Members and guests of the Point Pleasant Writers Guild recently enjoyed meeting author Michael Connick.
Connick’s presentation included how he came to write his three Cold War spy novels and his more recent crime novel featuring a rookie police officer with the Huntington, West Virginia, Police Department.
Born and raised in San Francisco, Connick’s life took many twists and turns before leading him to his retirement home in Huntington, a quiet community compared to most of the places he has lived. He said he enjoys being near an airport, a university, and an art museum where he volunteers as a docent. In addition to writing, he also enjoys competing in pistol and rifle competitions. His four books include “Trapped in a Hall of Mirrors,” “Funhouse Mirrors,” “Afghan Mirrors,” and “HPD.”
Connick graduated in 1968, at the height of America’s Cold War with Russia. His career with the National Security Agency as a computer analyst introduced him to a whole new world. It wasn’t long before his tech role proved useful to the Central Intelligence Agency, with jobs taking him overseas. Six months before the Shah of Iran was overthrown, he served as a consultant to the Shah’s Secret Police, the SAVAK, in Tehran, Iran, and worked and lived in Vienna, Austria a few years. His last assignment was with Intel Communication and Naval Surface Warfare in Virginia with the Department of Defense.
As a DoD employee with a Secret Clearance, Connick was subject to random security checks in which government agents investigate a clearance holder’s personal life to ensure that he or she isn’t a security risk. While at work one day, he received a call from his wife. She told him two unknown men were surveilling their house, and should she be concerned? It was then that Connick decided it was time to try a new line of business. How about writing a book?
He took an early retirement package which would permit him to work uninterrupted on writing a novel, an item on his Bucket List. While on vacation at the Outer Banks, he wrote the first 10,000 words of his first book, and after four months, he had written 68,000 words. (To put that into perspective, this article is 815 words.) Connick spoke about how most spy novels are unrealistic and often veer from being true-to-fact. Having been an actual spy, he felt qualified to write his own version of what spies do.
The first half of his first book, “Trapped in a Hall of Mirrors,” could read as his autobiography. He and his protagonist, Stephen Connor, have a lot in common. But, as he explained, in order to make the book more interesting, the second half took on more life and action to beef up the story line a bit. As Connick reminded his listeners, fiction is the best way to tell the truth.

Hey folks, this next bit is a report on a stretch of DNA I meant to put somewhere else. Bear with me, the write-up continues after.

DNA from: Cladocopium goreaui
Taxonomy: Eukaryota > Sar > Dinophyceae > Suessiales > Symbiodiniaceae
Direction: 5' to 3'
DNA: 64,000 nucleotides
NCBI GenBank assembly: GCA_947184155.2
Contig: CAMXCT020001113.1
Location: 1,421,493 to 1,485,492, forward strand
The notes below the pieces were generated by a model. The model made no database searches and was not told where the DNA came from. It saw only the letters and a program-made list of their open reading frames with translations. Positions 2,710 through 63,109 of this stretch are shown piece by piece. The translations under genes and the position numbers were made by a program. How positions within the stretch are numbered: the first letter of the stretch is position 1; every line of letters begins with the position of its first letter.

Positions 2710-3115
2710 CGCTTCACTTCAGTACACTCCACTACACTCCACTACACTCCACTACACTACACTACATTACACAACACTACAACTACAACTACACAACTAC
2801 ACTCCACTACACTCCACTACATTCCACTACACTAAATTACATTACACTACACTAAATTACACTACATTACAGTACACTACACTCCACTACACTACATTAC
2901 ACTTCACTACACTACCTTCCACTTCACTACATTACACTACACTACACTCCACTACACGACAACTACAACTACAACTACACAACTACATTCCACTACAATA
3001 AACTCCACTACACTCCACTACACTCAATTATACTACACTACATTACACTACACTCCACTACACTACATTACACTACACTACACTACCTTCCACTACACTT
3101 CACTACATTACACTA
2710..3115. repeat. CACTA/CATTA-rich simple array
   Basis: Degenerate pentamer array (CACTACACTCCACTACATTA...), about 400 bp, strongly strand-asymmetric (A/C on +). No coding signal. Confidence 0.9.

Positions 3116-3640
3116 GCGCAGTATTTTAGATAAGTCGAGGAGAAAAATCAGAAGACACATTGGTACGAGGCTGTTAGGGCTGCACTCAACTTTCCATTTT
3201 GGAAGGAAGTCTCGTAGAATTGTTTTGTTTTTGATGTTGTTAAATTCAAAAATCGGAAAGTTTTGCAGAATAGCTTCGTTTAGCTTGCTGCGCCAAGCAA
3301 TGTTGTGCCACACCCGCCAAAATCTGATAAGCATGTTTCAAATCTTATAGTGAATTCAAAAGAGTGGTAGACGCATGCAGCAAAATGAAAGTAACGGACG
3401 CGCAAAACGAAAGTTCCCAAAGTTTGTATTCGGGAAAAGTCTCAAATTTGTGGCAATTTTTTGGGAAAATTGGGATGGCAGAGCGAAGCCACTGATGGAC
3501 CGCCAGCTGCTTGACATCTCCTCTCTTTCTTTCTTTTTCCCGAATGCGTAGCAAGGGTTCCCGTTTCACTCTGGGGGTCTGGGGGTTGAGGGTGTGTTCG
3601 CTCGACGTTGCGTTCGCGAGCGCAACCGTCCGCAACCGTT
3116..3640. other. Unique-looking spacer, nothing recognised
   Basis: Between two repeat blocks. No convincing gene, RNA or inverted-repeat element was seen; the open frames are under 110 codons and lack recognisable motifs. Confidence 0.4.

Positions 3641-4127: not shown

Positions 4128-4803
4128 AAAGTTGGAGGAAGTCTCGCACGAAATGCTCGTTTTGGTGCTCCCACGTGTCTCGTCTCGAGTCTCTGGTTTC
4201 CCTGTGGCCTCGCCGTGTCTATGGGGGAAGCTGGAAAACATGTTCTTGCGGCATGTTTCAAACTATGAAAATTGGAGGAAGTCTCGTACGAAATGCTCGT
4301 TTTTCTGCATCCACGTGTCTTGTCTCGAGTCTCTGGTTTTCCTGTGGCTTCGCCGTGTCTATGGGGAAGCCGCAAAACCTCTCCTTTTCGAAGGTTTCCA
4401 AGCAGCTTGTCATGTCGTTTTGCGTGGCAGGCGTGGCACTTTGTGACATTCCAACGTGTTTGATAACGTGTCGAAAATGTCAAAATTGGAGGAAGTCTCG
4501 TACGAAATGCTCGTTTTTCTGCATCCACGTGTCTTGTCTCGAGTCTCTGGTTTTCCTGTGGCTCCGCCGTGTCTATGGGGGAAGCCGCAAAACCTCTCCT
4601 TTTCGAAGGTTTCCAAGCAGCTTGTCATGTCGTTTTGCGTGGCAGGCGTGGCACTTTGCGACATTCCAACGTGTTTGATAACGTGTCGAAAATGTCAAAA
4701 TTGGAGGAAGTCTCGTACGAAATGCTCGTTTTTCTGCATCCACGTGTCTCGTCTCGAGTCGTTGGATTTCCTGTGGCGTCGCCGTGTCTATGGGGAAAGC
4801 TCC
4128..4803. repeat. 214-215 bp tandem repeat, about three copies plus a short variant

Writing the first book was easy, he shared. Getting it published and marketed took more time and effort. That is how he got into self-publishing with Create Space, and he saved money by designing his own covers. A writing group in Huntington critiqued his work. One of his fellow Huntington Art Museum docents, a retired Marshall Engineering Professor, edited his book for free. Marketing his book involved extensive use of social media and creating Press Releases for radio, television, and newspapers. Pretty soon, these same agencies were calling him for interviews instead of the other way around. Connick emphasized the importance of marketing one’s book with these words: “You can write the best book in the world, but if no one sees it, they can’t read it.”
Connick’s advice to aspiring authors: (1) meet other writers at conferences and writing groups; (2) include a price on the cover of your book because some sellers won’t handle your books without it; (3) if you must spend money, put it on the cover’s graphics; (4) do not edit your own books; (5) spend one hour a day in marketing your book; and (6) for about $20.00 a year, join West Virginia Writers, Inc. They publish and mail a quarterly newsletter to their members to help keep them informed of upcoming writers’ conferences and writing competitions.
In addition to the guest speaker, the presentation was attended by guests, Dr. and Mrs. Mel (Lydia) Simon, Robin Harbrecht, Phil and Donna Heck and members, Patrecia Gray, Carol Newberry, Marilyn Clarke, Ilse Burris, Sue Underwood, Bob Watterson, Joe Ingerick, Kris Moore, Feryle Lawrence, and April Pyles.
The Point Pleasant Writers Guild meets every first and third Wednesday from 1 to 3 p.m. at the Mason County Library in Point Pleasant. All writers are welcome to attend.
Oct. 2, the Guild’s special guest speaker will be Dr. Mel Simon, who has published his first book, “Two Rivers, A World Apart.” Light refreshments will be served. The public is invited.